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On 11 June 2014, the Supreme People’s Court will hear a shareholders dispute. The facts of the case (described below) are familiar to the Hong Kong and Singapore legal and investment community. They touch on the power of overseas insolvency/bankruptcy professionals to take over assets in China.
The parties to the case are Sino-Environment Technology Group Limited (Sino-Environment Tech) (a company originally listed in on the main board in Singapore (but now in liquidation) and one of its wholly owned subsidiaries, Thumb Env-Tech Group (Fujian) Co., Ltd (Thumb Env-Tech).
The case has all the elements of a China deal gone very, very bad.
What we know
The case was originally brought in the Fuzhou Intermediate Court by Thumb Env-Tech (i.e., the original management group). It challenged the right of the judicial manager (later the liquidator) (appointed by the Singapore High Court) to remove the original legal representative and directors. Thumb Env-Tech alleged that the judicial manager had no right to remove the directors and legal representative and it was arbitrarily implementing an order of a Singapore court, violating China’s judicial sovereignty. The Fuzhou Intermediate Court rejected Thumb Env-Tech’s claim, determining that it was not a proper party.Thumb Env-Tech appealed to the Fujian Higher People’s Court. The decision can be found here, on the court’s website. The Fujian Higher People’s Court rejected Thumb Env-Tech’s appeal, stating that the case is not a simple matter of private rights but involves issues of public policy, and that Article 119 of the Civil Procedure Law did not permit Thumb Env-Tech to bring the case. Thumb Env-Tech has brought a petition to have the case reviewed by the Court. (summary from the Fujian Higher Court decision)
Sino-Environment Technology Group Limited was a listed Singapore company that was principally engaged in the provision of environmental protection and waste recovery through its subsidiaries in PRC with over SG$165 million debt. Its liquidators investigated SG$84 million worth of suspicious transactions undertaken by the group, taking steps to secure control over the company’s PRC subsidiaries by removing all existing legal representatives and directors of the PRC subsidiaries and commencing legal proceedings against them, securing the company’s cash held with a PRC bank and assessing and defending legal proceedings. (from the liquidator’s website)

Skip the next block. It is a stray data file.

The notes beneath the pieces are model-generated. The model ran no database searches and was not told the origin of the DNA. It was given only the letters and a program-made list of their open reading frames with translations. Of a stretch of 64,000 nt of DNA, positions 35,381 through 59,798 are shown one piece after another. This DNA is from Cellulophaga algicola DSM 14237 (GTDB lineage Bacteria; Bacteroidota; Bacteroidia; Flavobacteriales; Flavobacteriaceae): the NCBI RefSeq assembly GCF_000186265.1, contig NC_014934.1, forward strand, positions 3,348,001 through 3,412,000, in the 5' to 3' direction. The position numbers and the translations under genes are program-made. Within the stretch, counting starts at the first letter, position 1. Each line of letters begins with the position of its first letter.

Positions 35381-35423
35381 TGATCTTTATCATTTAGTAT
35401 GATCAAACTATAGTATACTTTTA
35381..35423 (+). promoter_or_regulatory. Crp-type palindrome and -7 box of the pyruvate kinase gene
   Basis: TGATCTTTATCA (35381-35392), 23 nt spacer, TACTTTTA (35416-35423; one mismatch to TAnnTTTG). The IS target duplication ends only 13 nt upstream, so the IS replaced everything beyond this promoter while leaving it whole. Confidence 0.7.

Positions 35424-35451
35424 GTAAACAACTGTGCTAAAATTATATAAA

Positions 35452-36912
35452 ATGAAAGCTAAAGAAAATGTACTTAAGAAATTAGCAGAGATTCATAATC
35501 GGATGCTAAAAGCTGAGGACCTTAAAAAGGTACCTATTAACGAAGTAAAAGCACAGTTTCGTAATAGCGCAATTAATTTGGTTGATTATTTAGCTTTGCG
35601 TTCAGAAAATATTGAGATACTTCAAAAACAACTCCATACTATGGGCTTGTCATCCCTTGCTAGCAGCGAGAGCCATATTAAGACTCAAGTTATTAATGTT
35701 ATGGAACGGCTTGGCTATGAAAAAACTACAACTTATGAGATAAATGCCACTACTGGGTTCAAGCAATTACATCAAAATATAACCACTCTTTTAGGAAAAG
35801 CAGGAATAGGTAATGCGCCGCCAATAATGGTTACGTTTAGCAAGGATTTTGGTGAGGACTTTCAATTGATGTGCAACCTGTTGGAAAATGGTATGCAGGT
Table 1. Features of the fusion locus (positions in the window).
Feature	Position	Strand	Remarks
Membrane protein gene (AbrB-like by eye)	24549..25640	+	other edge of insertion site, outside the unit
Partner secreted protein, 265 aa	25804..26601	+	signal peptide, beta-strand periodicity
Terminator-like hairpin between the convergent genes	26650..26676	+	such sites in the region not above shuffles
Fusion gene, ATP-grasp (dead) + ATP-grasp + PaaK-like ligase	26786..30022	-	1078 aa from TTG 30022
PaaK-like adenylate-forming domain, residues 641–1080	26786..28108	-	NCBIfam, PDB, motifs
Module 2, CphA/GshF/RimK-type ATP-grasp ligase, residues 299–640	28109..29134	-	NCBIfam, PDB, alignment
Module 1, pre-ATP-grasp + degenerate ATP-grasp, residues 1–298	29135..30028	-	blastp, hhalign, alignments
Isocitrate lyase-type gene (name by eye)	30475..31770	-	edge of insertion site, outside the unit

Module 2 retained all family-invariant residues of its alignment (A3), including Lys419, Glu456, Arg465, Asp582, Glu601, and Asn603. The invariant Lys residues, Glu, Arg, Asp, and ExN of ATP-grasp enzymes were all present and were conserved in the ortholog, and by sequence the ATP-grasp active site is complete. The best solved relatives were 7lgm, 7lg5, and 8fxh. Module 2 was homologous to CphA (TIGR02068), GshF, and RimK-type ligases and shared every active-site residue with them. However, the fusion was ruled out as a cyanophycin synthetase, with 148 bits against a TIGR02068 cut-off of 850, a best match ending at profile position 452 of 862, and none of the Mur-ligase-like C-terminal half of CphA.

Morgan Stanley sold $US 109 million in Sino-Environment Technology Group Limited convertible bonds. The company defaulted on repayment of the bonds. (from a first press report and a second press report.)
Related litigation in the Hong Kong courts can be found here.
What will the outcome be?
We will wait the outcome of this case in the Court. It is a “typical case” in its own way, because there are many cases in which foreign companies with Chinese subsidiaries, some of them listed, get into financial difficulties. It is part of international insolvency practice that bankruptcy trustees/judicial managers/administrators/liquidators appointed by foreign courts will take over control of subsidiaries in China. Chinese law and practice do not make this an easy process. This a classic example of why Chinese legal experts, as well foreign governments, Taiwan, and Hong Kong need to persuade the Chinese government that it is important for China that it become an active part of the international legal framework governing bankruptcy (insolvency) proceedings.